A military judge found Bradley Manning guilty of leaking classified documents, but not of the most serious charge he faced, "aiding the enemy," which would have had huge implications for investigative journalism.
U.S. Army Private First Class Bradley Manning (R) enters the courthouse at Fort Meade, Maryland, July 30, 2013. (Photo by Gary Cameron/Reuters)
Pfc. Bradley Manning, the former Army intelligence officer who was branded as both a whistle-blower and a traitor after he sent 700,000 secret government documents to WikiLeaks, was acquitted Tuesday of aiding the enemy but convicted of other charges.
Manning was convicted of illegally releasing classified documents knowing they would be accessible to the enemy. Aiding the enemy was the most serious charge and carried a potential life sentence.
The verdict was handed down by Col. Denise Lind, the judge at Manning’s court-martial at Fort Meade, Md. Manning will be sentenced later.
Manning, 25, has said he was disillusioned by an American foreign policy bent on “killing and capturing people” when he released the documents, including battlefield reports and diplomatic cables, in 2010.
In a closing argument at the court-martial, his lawyer, David Coombs, argued that Manning was “trying to ply his knowledge to hopefully save lives,” was young and naïve and thought he could make a difference.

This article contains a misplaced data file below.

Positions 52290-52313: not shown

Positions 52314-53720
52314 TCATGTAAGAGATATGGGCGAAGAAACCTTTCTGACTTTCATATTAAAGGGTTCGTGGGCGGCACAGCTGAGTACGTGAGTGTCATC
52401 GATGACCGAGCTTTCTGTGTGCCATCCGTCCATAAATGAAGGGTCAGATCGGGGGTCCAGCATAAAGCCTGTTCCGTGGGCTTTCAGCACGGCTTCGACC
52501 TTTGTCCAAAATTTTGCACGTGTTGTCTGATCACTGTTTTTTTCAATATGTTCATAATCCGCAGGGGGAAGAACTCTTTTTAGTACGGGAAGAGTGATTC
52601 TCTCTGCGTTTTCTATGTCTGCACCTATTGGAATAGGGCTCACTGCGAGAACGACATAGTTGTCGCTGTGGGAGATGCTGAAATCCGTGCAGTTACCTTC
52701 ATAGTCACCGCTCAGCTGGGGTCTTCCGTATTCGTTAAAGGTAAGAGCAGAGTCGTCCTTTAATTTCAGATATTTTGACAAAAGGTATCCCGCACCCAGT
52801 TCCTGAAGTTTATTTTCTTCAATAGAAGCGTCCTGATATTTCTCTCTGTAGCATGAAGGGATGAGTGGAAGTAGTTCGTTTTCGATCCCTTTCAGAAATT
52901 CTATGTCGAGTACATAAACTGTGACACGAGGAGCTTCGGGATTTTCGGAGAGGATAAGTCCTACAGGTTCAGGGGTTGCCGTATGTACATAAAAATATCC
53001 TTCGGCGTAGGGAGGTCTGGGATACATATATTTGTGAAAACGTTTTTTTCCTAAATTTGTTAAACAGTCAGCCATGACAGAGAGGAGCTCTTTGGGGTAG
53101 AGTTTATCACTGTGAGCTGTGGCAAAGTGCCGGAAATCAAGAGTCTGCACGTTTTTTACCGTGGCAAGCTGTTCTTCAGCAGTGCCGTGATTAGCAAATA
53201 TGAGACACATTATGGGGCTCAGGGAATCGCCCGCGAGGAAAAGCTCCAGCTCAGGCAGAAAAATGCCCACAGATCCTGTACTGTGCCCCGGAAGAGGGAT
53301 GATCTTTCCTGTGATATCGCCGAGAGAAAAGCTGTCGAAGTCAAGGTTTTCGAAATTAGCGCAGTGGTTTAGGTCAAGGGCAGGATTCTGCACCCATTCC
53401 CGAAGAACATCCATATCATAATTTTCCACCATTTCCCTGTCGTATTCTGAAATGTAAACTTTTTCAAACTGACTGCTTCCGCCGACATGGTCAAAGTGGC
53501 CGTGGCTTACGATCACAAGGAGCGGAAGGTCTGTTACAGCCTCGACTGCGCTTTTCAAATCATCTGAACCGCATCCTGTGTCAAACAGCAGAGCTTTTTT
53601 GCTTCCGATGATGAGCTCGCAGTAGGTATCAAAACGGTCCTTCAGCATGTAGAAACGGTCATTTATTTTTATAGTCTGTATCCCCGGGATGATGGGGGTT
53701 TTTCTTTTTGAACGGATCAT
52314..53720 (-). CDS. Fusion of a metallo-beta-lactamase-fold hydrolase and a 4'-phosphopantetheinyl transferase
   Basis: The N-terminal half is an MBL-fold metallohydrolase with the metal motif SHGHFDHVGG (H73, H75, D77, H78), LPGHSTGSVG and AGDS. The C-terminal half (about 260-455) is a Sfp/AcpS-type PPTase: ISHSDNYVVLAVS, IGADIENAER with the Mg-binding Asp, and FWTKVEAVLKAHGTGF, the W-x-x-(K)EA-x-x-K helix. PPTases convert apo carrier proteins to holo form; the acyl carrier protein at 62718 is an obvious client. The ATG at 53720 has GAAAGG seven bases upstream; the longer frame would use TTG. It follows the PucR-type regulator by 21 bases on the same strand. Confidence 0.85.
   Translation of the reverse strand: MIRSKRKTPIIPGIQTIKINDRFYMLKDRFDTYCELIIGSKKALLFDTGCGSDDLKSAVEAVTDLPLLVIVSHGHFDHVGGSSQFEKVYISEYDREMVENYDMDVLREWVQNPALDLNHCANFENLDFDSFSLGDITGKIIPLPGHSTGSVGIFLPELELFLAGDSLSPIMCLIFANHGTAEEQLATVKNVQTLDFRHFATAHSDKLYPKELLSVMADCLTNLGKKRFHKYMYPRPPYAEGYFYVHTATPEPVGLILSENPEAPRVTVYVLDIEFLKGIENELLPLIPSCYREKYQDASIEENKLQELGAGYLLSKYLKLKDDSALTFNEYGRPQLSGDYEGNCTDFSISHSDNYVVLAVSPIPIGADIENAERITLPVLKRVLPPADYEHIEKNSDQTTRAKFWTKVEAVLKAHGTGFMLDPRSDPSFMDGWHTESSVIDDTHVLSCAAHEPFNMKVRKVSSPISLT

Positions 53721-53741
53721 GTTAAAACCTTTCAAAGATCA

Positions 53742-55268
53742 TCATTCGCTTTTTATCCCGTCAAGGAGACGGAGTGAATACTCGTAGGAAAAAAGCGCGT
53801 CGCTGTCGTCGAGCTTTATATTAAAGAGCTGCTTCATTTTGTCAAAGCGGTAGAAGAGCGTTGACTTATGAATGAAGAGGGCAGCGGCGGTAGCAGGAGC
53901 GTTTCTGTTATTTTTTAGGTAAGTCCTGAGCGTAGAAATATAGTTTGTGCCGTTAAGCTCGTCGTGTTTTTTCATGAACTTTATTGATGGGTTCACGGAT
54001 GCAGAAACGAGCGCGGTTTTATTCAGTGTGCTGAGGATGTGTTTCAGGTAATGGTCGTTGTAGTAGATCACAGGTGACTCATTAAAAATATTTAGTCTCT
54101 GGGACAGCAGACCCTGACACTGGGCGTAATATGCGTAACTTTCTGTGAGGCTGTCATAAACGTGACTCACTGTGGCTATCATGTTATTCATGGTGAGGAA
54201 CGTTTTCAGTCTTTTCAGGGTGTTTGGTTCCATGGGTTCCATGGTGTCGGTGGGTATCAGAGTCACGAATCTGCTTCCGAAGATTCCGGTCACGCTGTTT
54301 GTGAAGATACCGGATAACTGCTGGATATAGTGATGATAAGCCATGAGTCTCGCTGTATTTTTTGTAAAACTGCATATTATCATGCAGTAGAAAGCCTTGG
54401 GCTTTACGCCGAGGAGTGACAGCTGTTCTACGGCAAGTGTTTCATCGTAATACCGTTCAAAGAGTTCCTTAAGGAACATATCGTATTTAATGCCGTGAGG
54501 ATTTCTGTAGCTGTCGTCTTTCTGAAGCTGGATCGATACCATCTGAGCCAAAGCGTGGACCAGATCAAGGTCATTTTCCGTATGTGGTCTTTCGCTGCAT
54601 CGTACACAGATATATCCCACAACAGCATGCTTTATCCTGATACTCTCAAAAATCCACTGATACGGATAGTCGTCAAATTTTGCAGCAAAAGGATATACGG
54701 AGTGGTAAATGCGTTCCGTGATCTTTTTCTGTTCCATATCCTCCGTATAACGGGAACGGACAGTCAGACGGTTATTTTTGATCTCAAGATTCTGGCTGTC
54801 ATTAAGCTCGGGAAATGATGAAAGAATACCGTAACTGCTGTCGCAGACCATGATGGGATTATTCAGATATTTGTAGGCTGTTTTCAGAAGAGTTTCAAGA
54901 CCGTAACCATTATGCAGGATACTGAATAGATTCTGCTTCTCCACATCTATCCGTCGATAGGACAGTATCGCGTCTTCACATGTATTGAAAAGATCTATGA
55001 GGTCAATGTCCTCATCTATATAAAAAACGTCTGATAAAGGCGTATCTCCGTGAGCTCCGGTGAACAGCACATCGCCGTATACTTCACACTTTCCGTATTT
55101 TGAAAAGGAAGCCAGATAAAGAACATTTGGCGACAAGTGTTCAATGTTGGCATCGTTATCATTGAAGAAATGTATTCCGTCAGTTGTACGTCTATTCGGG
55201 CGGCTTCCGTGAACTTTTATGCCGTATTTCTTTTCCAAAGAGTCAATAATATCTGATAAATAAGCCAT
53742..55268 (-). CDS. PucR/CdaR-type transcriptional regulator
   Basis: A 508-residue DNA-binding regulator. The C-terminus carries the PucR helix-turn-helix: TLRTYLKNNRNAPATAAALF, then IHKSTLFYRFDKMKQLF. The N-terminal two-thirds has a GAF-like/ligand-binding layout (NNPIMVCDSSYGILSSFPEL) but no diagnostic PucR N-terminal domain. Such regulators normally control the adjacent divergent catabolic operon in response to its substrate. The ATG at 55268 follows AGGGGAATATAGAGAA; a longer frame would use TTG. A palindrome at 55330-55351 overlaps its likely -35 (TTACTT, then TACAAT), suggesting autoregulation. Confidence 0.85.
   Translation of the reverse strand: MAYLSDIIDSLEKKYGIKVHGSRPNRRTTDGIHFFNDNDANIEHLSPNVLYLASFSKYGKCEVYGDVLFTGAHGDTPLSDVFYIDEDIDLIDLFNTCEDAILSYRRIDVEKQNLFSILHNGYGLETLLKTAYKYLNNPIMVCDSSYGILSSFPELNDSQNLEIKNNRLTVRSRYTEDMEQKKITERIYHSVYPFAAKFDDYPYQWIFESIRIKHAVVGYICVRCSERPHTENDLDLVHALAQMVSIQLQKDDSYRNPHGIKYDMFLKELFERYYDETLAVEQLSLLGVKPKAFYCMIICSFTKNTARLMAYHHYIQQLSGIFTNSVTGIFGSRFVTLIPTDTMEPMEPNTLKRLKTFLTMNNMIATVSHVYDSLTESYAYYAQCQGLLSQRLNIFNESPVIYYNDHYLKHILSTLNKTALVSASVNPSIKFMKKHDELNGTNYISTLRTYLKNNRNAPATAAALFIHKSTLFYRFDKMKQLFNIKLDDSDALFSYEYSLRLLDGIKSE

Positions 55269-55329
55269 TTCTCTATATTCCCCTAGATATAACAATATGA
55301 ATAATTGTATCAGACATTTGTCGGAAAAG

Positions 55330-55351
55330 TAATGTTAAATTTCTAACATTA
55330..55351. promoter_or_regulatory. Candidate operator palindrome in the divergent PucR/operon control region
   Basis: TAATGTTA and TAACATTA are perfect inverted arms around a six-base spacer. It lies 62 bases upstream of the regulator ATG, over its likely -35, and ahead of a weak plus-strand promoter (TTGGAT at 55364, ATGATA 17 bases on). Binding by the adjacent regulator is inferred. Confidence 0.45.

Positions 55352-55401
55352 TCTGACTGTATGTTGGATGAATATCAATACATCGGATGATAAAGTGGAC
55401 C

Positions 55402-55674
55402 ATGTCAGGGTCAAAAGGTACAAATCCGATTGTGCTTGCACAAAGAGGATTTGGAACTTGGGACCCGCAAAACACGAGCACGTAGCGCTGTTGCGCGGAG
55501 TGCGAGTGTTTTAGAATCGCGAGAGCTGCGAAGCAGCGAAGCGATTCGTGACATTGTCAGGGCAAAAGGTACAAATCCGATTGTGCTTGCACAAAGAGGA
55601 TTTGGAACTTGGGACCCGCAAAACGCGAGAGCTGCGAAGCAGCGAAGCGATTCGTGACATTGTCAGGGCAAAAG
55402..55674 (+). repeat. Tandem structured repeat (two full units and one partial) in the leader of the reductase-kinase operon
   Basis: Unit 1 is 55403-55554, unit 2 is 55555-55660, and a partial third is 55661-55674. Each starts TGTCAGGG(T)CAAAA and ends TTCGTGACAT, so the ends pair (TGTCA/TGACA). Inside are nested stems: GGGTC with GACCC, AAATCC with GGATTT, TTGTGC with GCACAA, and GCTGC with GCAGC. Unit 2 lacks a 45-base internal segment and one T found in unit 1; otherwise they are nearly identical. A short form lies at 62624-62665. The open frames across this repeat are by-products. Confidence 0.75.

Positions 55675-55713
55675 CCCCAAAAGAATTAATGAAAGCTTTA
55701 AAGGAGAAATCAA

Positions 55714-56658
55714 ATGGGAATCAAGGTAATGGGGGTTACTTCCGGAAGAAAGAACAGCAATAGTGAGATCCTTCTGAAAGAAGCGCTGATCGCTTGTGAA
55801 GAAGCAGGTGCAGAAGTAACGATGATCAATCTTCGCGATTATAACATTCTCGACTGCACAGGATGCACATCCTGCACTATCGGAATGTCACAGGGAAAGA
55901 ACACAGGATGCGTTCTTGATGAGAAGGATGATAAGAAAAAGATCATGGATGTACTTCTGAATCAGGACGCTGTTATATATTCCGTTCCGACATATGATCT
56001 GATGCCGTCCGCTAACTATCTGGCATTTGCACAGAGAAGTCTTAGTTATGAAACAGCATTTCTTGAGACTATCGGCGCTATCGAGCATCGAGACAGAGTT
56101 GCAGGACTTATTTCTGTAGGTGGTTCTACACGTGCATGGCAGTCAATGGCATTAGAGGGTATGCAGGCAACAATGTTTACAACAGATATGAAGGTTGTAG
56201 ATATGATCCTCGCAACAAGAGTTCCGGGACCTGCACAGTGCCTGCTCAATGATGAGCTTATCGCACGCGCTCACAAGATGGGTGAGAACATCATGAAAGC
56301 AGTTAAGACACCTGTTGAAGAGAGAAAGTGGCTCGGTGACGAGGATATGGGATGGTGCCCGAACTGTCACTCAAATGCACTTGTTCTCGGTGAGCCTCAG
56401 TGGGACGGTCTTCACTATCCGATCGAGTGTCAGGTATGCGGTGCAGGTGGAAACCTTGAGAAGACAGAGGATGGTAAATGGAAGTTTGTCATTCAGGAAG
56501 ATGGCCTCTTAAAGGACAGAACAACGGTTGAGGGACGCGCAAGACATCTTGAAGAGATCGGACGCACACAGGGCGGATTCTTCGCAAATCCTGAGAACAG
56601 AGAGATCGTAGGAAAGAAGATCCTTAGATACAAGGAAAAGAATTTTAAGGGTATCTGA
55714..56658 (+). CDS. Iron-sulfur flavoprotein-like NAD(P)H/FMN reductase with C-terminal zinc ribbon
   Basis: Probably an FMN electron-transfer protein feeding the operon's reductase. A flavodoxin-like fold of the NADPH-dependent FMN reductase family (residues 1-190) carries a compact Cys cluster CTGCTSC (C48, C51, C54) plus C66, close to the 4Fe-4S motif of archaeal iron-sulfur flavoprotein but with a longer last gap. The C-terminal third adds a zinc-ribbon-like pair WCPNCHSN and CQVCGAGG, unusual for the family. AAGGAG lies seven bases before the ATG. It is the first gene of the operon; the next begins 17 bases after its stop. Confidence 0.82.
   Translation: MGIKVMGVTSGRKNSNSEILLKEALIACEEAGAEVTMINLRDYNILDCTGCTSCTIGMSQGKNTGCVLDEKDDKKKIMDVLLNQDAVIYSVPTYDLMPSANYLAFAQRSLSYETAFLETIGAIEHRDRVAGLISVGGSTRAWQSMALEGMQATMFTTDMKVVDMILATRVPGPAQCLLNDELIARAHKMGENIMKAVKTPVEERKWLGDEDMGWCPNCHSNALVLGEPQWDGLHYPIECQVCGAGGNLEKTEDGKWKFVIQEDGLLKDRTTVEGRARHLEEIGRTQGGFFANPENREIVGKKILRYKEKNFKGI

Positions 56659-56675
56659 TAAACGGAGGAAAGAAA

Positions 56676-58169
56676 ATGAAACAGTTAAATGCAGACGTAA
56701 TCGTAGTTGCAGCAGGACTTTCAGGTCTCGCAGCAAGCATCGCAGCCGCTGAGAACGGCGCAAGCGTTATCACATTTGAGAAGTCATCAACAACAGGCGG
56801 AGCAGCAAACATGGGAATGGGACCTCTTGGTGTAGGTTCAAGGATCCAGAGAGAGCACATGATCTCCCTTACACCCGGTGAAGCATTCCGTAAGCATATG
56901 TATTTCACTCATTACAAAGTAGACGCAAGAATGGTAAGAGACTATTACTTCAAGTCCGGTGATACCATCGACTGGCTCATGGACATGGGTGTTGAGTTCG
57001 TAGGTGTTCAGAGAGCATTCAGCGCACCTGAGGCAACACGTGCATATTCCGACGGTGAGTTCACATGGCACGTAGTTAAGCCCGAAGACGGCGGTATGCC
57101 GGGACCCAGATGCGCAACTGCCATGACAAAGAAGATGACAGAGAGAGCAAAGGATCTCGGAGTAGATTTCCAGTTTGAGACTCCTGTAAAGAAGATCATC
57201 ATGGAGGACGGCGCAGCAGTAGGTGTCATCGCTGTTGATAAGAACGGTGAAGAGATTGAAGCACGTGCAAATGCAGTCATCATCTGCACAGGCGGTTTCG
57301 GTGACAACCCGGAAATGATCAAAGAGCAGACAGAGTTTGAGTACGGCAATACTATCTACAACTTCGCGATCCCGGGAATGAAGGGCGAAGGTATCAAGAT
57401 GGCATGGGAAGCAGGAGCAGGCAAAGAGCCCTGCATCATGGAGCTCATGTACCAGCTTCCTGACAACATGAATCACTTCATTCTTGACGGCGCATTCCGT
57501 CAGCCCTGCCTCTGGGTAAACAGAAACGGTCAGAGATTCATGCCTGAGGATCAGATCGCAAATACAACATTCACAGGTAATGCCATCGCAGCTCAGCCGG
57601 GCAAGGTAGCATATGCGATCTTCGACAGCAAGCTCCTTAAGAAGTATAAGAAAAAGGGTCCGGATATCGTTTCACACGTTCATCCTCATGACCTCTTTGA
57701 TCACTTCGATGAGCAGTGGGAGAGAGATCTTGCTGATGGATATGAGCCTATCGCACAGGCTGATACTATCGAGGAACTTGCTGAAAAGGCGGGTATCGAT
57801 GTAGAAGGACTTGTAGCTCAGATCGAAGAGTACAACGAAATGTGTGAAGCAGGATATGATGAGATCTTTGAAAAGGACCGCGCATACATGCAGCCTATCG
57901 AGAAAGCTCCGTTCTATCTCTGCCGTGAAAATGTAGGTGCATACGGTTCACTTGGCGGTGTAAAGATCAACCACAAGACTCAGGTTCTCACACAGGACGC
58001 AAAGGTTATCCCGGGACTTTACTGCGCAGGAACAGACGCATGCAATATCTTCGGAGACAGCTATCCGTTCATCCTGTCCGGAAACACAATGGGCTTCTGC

Military prosecutors said Manning was not a whistle-blower but a traitor. They said Manning knew that enemies of the United States use WikiLeaks as a resource, and they said some of the documents he released wound up in the hands of al Qaeda.
The prosecutors said Manning craved notoriety and put his fellow soldiers at risk.
Manning had already pleaded guilty to 10 charges that carry up to 20 years in prison, plus a dishonorable discharge. But prosecutors pushed ahead with more serious counts, including aiding the enemy.
Manning has been jailed at Fort Leavenworth, Kan., since April 2011 and was at the military prison in Quantico, Va., for nine months before that.
Among his defenders is Daniel Ellsberg, who in 1971 leaked what become known as the Pentagon Papers to The New York Times. Those papers showed that the government was systematically misleading the public about U.S. involvement in Vietnam.
This article was first published on NBCNews.com here.